Tatum showed against the Rockets that he has more “in his bag,” as the kids say, than just big-time highlights and virtual crowd-igniting long twos. And though the same goes for Jaylen Brown, I’ll start by studying Tatum, whose 23 points, six rebounds, and six assists earned him Player of the Game honors from the NBC Boston broadcast – never mind that that’s roughly as difficult as it apparently is for Bill Belichick to sign 43 free agents in a two-hour period. He did so because he paced the Celtics in an ugly, hardly-in-doubt game. I’d like to think it’s because of his most efficient, self-aware work in ensuring that the Celtics never lost their lead.
Tatum is a frequent isolation player (4.8 possessions per game, eighth in the league among qualified players per NBA.com) if an inefficient one – he only scores 0.82 points per isolation possession and has a score frequency of 35 percent. That’s better than just 33.5 percent of the league; he hovers in the company of LeBron James (29.9th percentile), which is nice, but is closer to the isolation Death Eater himself, Russell Westbrook (16.8th percentile) than Kawhi Leonard (53.9) or even Giannis Antetokounmpo (75.4).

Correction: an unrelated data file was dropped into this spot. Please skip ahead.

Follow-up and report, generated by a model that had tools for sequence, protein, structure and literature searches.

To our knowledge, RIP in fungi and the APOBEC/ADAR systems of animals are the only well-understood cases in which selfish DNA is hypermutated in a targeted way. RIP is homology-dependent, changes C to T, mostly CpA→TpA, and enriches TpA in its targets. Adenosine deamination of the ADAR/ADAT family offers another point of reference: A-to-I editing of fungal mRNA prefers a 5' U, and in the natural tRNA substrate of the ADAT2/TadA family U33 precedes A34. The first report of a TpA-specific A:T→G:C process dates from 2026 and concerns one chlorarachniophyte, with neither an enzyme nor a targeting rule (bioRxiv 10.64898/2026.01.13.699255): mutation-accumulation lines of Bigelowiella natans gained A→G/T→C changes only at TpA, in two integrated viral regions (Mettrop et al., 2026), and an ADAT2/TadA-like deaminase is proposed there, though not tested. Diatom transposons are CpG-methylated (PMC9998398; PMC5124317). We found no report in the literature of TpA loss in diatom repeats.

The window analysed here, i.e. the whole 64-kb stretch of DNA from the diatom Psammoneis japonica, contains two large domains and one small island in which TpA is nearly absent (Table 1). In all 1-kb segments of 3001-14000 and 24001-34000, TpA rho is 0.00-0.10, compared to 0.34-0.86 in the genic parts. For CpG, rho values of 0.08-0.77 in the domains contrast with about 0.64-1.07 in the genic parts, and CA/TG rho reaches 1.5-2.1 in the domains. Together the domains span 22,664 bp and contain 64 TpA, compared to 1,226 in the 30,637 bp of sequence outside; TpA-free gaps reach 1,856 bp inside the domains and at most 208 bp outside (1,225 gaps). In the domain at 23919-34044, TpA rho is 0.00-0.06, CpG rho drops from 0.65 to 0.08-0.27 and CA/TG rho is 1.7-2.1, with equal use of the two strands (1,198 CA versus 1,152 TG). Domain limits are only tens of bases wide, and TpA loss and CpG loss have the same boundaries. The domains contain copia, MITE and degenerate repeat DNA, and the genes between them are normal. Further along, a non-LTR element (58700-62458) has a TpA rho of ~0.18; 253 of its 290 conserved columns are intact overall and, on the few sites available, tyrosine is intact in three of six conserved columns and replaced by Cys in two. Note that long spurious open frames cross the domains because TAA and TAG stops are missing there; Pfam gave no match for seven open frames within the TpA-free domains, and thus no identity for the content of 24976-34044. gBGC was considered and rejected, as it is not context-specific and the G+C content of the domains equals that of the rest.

But he’s beginning to discover what isolations can do for him beyond pull-ups and ballhandling practice, much like some of the younger players in his stratosphere. Here, he quickly notices that he’s alone with Kevin Porter Jr. and that the Rockets guard is reacting too early to his hesitation. He blows past him and then finishes through contact.
You can’t tell me that last year’s Tatum would have taken that quick dribble-drive into a defender over a side-step jumper seven seconds and six dribbles later. He’s recognizing and — more importantly — taking what the defense gives him. And he’s doing it just as often, if not more often than he makes the smart play for himself against decent defense. Here, Victor Oladipo and Jae’Sean Tate are forced into a smart switch, and for a while, Tate is playing solid on-ball defense... until Tatum catches Tate rising up to defend what would normally be a pull-up from Tatum. Deuce’s dad decides to baby Jae’Sean with an absolutely disgusting dribble move to blow by and then pull-up. Sir, you dropped your binky.